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What Is the Most Rare Blood Type?

Two types of blood on a blood typing test card.
Two packs of O- blood, which can be transfused to anyone.
A pouch of AB- blood, which is the rarest type.
The Rhesus Factor set of blood types.
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  • Written By: M. Walker
  • Edited By: Allegra J. Lingo
  • Last Modified Date: 14 September 2014
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Globally, the overall rarest common blood type is AB negative, followed by B negative. Beyond the common grouping system, there are many other blood types that are rare or only specific to narrow demographic groups. There are also several diseases with rare or mutated antigens, which are surface signaling molecules on the blood cells, which give individuals incredibly unique blood types.

The most widely used categorization system for blood is the ABO grouping system, which classifies blood according to the presence of surface antigens A and B. Individuals have two alleles, or gene sequence units, each of which usually codes for the A antigen, the B antigen, or neither, which is referred to as O. Those who possess one copy of A or B and one copy of O are still said to have a blood type of A or B, while only those who possess two copies of O are said to have a blood type of O. Despite this fact, the O blood type is the most common, while AB is the most rare blood type.

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Additionally, the Rhesus (Rh) grouping system classifies blood based on whether or not blood cells posses the Rh factor, another antigen commonly found on the surface of the cells. In the United States, for example, only about 18% of white Americans, 7.3% of African Americans and Hispanic Americans, and 2% of Asian Americans are Rh negative. The remaining percent of the United Stsates population is Rh positive and contains the antigen. When combined with the ABO system, AB negative and B negative are the rarest overall blood types.

Beyond these simple grouping systems which apply to a large percentage of the population, there are over 600 other specialized surface antigens. Individuals in certain ethnic groups will contain more similarities with respect to these antigens, and some specific groups experience a more rare blood type. This is why blood donations and transfusions from patients with similar ethnic backgrounds can reduce the likelihood of complications or rejections.

There are also several diseases that could result in some of the most rare blood type expressions, including McLeod Syndrome, a genetic disorder, or the absence of the Duffy antigen, which occurs more frequently in populations that experience higher rates of malaria. It is also possible for an individual’s blood type to change over the course of his or her life. Blood transfusions and transplants, especially bone marrow transplants, can gradually change an individual’s blood type to the donor’s blood type. Bone marrow transplants contain precursors that will eventually form new blood cells, increasing the concentration of the donor’s blood type over time.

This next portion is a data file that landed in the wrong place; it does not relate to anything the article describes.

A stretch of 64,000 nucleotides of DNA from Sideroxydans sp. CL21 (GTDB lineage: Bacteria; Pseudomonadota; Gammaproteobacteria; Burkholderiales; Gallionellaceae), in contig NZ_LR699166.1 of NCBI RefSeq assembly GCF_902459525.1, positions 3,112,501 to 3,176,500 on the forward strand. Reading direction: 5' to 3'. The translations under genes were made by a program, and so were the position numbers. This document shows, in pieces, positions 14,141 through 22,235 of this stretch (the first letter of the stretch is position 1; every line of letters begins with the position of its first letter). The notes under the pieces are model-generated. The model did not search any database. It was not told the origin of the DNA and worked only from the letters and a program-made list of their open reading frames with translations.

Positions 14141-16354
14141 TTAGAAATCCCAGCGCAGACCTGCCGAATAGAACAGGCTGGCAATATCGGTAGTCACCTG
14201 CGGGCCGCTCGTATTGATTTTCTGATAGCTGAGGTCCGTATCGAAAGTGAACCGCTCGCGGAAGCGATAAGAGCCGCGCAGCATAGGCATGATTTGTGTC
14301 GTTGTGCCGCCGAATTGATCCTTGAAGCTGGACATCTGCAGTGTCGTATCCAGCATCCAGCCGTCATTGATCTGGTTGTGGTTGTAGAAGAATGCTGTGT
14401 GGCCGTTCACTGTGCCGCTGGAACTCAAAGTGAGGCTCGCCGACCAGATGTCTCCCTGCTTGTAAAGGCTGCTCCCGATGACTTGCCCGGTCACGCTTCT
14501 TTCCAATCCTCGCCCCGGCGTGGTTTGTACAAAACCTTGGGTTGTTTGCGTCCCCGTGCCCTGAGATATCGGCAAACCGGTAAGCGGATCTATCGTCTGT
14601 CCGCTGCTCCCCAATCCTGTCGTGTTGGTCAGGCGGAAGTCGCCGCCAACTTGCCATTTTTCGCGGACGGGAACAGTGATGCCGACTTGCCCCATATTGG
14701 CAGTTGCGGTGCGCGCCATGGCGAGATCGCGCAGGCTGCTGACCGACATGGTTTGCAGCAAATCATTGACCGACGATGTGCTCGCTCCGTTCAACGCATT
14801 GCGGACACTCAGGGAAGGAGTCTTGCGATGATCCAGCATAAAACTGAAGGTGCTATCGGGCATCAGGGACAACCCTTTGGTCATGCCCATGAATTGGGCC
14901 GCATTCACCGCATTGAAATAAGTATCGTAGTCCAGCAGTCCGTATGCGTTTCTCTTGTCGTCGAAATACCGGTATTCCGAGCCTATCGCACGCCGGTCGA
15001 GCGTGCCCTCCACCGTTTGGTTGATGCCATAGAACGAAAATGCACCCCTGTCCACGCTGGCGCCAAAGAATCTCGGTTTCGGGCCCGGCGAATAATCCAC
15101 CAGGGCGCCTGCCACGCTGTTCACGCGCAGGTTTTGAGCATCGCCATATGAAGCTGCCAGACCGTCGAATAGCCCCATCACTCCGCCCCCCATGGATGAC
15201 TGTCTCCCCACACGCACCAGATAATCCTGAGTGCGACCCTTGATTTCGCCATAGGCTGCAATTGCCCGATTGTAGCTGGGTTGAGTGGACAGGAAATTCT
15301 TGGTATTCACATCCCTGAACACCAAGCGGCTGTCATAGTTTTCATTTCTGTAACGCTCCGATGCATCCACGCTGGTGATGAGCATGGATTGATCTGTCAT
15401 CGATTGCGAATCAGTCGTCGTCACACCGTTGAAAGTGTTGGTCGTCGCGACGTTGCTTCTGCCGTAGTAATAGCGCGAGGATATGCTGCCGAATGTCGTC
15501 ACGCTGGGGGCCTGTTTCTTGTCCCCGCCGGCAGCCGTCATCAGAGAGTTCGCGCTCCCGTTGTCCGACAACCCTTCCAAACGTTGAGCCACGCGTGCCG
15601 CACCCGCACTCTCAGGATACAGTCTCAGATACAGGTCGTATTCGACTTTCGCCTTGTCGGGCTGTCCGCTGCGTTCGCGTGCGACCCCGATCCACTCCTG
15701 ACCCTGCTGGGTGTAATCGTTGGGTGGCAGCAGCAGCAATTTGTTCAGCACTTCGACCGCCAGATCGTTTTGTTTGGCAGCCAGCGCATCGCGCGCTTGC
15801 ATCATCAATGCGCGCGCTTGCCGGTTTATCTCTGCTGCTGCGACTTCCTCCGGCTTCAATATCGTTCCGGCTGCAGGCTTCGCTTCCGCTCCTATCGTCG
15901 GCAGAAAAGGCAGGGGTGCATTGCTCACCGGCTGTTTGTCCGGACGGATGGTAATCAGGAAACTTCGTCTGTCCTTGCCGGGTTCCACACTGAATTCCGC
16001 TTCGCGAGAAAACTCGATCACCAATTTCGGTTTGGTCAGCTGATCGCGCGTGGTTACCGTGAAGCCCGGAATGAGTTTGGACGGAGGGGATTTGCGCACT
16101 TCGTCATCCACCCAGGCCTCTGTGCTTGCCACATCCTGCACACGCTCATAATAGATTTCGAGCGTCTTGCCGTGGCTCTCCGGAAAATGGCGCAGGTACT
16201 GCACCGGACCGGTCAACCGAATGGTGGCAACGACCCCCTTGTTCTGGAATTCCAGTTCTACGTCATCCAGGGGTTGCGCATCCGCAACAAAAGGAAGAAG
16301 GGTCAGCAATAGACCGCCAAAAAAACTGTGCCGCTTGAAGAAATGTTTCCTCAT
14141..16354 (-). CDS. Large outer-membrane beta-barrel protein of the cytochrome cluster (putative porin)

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Bama
Post 7

My daughter n law had a set of twins boy and girl. My son is A negative and she is B negative. The girl is B positive and the boy is B negative. Is it possible that he is not the father? Can two negative people make a positive child?

anon347326
Post 6

How is the AB- blood type the rarest when they receive from their own and O- while O- blood gets from their own!

anon299405
Post 5

Follow up to post #4, I looked this up. Parents with O and AB blood type can only produce children with blood types A or B. Types AB and O are not possible from what I read.

anon299401
Post 4

"My parents are type AB and type O. Their four children all have different blood groups, Type B, Type A, Type AB and Type O. In that order. How is that possible?"

Ouch! From what I understand, a child with type O blood is not possible with your parents' blood types as you posted. The parents of a child with O type blood would come from parents who both have type O blood. Types A, B and AB are all dominant over type O. I would sit down with mom for a serious conversation. Are you sure you have everyone's blood types correct?

anon270255
Post 3

My parents are type AB and type O. Their four children all have different blood groups, Type B, Type A, Type AB and Type O. In that order. How is that possible?

anon167767
Post 1

My mother and brother were told they have a rare type ABCDE-. I can't find any info on this blood type. Do you have any info on it, please?

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